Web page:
Friday, February 10, 2012
I know this is supposed to be a personal finance blog, but I just couldn't help posting a link to this awesome IndyCar footage from Chicagoland Speedway.
While we've lost the IndyCar race at this track (hopefully just temporarily), I hope it's back sooner than later. I have some great memories of the two races I attended there (as well as my laps there in a stock car), and I only wish I could have been at the race I linked to, although I was at a great one in 2009. And of course I can't leave out the 2008 season finale and an oldie but good from '02. What great memories!
Miss the track and hope it's back on the schedule soon!
Thursday, February 9, 2012
Well, surprise, surprise! We’ve been back in the “Land of Lincoln” for just a week now and we’re already finding out that during our six-month absence, there have been a few changes. These are changes that could end up affecting our wallet either directly or indirectly and did not make for the most pleasant of homecomings.
Here are the three big items we’ve stumbled across already (one of which came only minutes into our entering the state) in what has been just our first week back.
Just minutes into our homeward bound journey to Illinois, we were greeted with our first new costs of once again being back in the great state of Illinois. A flashing sign just across the state line informed us that tolls were increasing as of January 1, 2012. Since we were traveling on January 4th, this meant that we were several days late, and now several more dollars short.
Come to find out, there was a 100% increase for driving on the toll roads in the Chicagoland area, which is a common occurrence for both commuters and just passers-by. The average toll rate per mile (for travelers with the I-PASS automated toll payment system) has gone from 3 cents to 6 cents per mile.
Thankfully, since I work from home and my wife’s route to work avoids the toll roads, this isn’t a huge cost (typically running us around $60 a year in toll fees…guess it’ll be closer to $120 now); however, it’s an additional cost nonetheless, and one that was certainly unexpected.
According to an article in the Chicago Tribune newspaper, Allstate is looking to hike rates anywhere from 4-10% on some Illinois homeowners due to string of catastrophic damage suffered in many areas during 2011. Since we are looking to rent, this might not seem like a big deal. However, we have to consider that while we might not be suffering due to this increase directly, we may have to account for it in higher rental rates should the building in which we choose to live have its insurance rates increased. With those rates possibly being passed along to tenants, we could end up suffering just as certain homeowners might by way of increased rent or even higher renters insurance.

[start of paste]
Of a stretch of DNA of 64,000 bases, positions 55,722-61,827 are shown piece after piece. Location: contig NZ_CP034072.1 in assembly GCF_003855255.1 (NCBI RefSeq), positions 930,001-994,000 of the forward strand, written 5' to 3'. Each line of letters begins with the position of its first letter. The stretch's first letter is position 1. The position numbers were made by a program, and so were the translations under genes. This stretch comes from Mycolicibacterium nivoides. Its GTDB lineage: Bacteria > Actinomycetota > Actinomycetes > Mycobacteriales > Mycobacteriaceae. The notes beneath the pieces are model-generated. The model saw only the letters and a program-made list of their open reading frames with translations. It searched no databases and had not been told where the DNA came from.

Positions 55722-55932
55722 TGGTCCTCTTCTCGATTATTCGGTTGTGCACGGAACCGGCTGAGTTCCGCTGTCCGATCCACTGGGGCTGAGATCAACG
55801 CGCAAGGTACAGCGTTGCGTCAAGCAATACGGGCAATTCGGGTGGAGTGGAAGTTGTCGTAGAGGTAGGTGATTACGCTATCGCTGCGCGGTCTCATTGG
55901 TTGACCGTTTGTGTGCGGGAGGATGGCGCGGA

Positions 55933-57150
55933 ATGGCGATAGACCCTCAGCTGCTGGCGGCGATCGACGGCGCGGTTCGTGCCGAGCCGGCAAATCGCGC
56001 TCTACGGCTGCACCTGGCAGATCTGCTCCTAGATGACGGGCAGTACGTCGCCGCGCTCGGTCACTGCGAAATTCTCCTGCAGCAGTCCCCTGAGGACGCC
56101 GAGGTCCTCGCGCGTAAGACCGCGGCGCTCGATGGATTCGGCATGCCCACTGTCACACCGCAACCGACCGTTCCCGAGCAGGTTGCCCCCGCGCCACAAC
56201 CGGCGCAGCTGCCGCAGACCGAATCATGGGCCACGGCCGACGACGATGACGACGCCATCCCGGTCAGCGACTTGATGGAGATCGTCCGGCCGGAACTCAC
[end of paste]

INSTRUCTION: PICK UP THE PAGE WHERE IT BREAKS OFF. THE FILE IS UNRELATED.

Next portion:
Income Tax Hike
Oh yes, and don’t let me forget about that little income tax increase to the tune of 66%. Yep, that’s right. I said “66%”.
Income tax in the state of Illinois moved from 3% to 5% this year to help bolster the state’s budget shortfall. Isn’t that nice! Since the politicians and state government can’t manage to be fiscally responsible, it once again falls upon the taxpayers to help them out. So now Illinois taxpayers can look forward to paying hundreds, if not thousands of extra dollars in income taxes each year.
Even though my wife and I were only part-year residents, the higher tax rate will still likely increase our state income tax bill by several hundred dollars this year.
Illinois Tollway. Toll information page. http://www.illinoistollway.com/tolls-and-i-pass/toll-information
Yerak, Becky. Chicago Tribune. “Insurance rates surge on disasters”. January 12, 2012.
Thursday, February 2, 2012
I’ve used and written about Cash4books.net multiple times during the last several years. I’ve found that the site is a quick, efficient and effective way to earn good money for used textbooks.
By way of my articles, I’ve learned more about this Beaverton, Oregon-based company and have been impressed not only with their business acumen and view toward the future, but their apparent ability to balance a growing company with maintaining a positive work environment for their employees (they were ranked #18 in Oregon's 100 Best Companies to Work For -- in the medium size companies category -- by Oregon Business Magazine).
Most recently their CEO, Jim Smith, reached out to me to help promote the company’s efforts to raise money for schools.
Here is a portion of the press release he sent me:
“During the month of February, 2012, Cash4Books is matching customer donations to DonorsChoose.org by 100%. Any customer selling at least $7 worth of books to Cash4Books is eligible to donate the value of their buyback order to DonorsChoose.org. Once Cash4Books receives the books, the customer will be sent a DonorsChoose.org gift card for the value of their donation, along with a check or PayPal payment for any remaining balance. Customers can then visit DonorsChoose.org and decide which projects to support. At the end of the month, Cash4Books will add up all customer donations and match that amount 100%.
Facing increasing budget shortfalls, federal, state and local governments have dramatically reduced school funding over the past few years. Budget cuts have forced schools to not only cut staff and programs, but have also severely reduced their ability to purchase critical school supplies. Many teachers pay for supplies out of their own pocket, but even with this generosity many students are left without the tools that they need to succeed in school.”
This could present an opportunity for people to check out a great site for earning a few extra bucks when downsizing textbooks that may be cluttering up bookshelves and closets. It could also be a chance to do something special for charity if they so choose.
I’ve found that using Cash4books is a super-simple process (as I’ve mentioned, I’ve used their services multiple times over the years). When I have a few books that I’m interested in reselling, I just type in their ISBN numbers, see if Cash4books is buying and what they’re offering in compensation for those books. Then Cash4books pays the shipping (I typically use their free FedEx service), checks my order for accuracy and quality upon arrival, and deposits money into a PayPal account (you can also be paid by check, it just takes a little longer). It’s quick, easy, and best of all it helps us declutter our home and earn a little extra cash in the process.
The author is not a licensed financial professional. The information provided in this article is for informational purposes only and does not constitute legal or financial advice. The author has used Cash4book.net services; however, he has not been paid by Cash4books.net for this article. Any action taken by the reader due to the information provided in this article is solely at the reader’s discretion.